Jonnu Smith’s buoyant attitude and consistent play as a freshman tight end stood out starkly from the rest of a depressing 2013 season for FIU’s offense.
But with team and personal improvement highly probable, something seemed off about Smith as August practice began.
“Training camp, he was really pressing,” coach Ron Turner said. “I could see it. He’s trying to be perfect. He wouldn’t even smile. He’s usually smiling all the time. I said, ‘Jonnu, relax.’”
Smith said, “I didn’t want to let my team down. I didn’t feel I needed to carry the team or anything. I just felt I had a role. And I just wanted to make sure I completed my role.”
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Turner said both he and tight ends coach Kort Shankweiler had long talks with Smith about the “relax” message. Smith did.
Demeanor and approach properly reset, Smith went back to being the best, most dependable player on the offense. He leads FIU in receptions (30), receiving yards (373) and touchdown receptions (three), just as he did in 2013.
Also, though only a sophomore, “I wanted to step up as a leader more. Not so much on the field. But I feel like my voice is (strong) enough to pick up my team and lead them.”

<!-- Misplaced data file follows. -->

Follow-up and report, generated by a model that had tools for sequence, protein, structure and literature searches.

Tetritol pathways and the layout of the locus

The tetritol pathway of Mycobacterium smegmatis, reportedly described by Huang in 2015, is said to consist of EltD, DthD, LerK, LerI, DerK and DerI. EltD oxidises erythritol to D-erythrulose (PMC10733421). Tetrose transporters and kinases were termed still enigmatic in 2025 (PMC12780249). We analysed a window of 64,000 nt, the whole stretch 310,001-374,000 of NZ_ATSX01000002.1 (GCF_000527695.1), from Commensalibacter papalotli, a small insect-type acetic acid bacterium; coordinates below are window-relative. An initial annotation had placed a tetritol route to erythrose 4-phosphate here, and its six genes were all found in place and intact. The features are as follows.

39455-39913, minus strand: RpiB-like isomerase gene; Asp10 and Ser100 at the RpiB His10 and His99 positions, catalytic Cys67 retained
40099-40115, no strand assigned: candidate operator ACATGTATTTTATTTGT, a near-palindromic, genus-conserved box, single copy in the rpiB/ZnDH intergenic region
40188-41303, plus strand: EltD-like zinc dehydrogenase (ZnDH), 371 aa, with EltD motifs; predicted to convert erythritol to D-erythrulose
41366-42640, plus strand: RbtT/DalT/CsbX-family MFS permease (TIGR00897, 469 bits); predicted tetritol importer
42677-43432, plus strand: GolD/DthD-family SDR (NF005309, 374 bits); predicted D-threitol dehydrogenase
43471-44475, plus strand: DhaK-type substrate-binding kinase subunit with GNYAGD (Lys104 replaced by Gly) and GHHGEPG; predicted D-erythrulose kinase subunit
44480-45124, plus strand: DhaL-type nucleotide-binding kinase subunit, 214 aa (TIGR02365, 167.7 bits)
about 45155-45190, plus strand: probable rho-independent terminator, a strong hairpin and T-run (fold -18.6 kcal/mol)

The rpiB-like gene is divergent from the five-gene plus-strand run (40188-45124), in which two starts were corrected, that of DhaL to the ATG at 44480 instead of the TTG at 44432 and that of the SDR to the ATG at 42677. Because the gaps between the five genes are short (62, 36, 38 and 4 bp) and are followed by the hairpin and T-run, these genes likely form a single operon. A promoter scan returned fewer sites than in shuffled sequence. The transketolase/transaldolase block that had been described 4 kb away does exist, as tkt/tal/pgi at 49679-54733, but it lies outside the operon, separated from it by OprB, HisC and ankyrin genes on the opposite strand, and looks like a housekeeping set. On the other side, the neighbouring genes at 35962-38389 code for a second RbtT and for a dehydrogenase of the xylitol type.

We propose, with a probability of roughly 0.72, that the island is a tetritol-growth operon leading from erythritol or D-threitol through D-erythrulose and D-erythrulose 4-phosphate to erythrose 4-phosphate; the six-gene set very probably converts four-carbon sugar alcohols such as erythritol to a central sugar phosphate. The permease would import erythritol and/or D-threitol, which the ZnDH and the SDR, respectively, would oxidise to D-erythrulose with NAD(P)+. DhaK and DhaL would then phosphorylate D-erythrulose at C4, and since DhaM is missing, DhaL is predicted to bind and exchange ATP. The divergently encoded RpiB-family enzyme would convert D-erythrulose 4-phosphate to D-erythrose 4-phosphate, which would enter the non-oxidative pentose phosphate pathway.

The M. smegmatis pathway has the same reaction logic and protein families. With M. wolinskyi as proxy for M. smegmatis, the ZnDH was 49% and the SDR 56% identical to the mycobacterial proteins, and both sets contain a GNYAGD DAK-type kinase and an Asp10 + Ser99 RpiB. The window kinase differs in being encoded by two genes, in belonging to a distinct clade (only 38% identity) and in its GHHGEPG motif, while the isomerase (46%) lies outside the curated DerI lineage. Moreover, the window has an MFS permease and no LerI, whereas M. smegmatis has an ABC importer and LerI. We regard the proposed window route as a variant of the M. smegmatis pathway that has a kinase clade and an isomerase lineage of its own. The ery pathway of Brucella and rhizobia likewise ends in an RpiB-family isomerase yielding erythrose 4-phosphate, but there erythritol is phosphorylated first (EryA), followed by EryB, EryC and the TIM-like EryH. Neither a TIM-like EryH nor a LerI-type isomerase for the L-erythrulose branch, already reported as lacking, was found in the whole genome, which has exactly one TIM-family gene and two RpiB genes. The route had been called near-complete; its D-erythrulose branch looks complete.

FIU lists Smith at tight end. Occasionally, he even lines up that way. Or, he’ll line up as a slot wide receiver. Or, as an H-back. Or, as an H-back who motions back to being the fullback and lead blocker for the tailback on a running play.
Smith said he is seven pounds heavier, now 232 and 6-3, but “I’m moving well. I feel quicker. I feel faster. Definitely feel stronger.”
He gets through a 40-yard dash in 4.7 seconds, a time that’s pedestrian on paper. Turner points out Smith’s football speed ranks with FIU’s wide receivers. You can find some witnesses in the Alabama-Birmingham locker room.
On a bubble screen from a slot wide receiver position, Smith strode outside a textbook block from Glenn Coleman, turned up the sideline and left a fast UAB secondary feeling like the 2012 Olympic 100-meter finalists not named Usain Bolt. The 75-yard touchdown is a definite highlight reel just to watch as the defensive backs think they have the angle one step, then find Smith completely out of reach two steps later.
Smith is one of several players who takes a knee for a brief prayer as he leaves the practice field each day.
“I’m very thankful for this opportunity,” he said. “So many people want to be in this position that we’re in. I’m just so blessed to be in this position. It’s a great feeling to know that I’m one of millions that do what I do. That’s what I’m thanking God for every day.”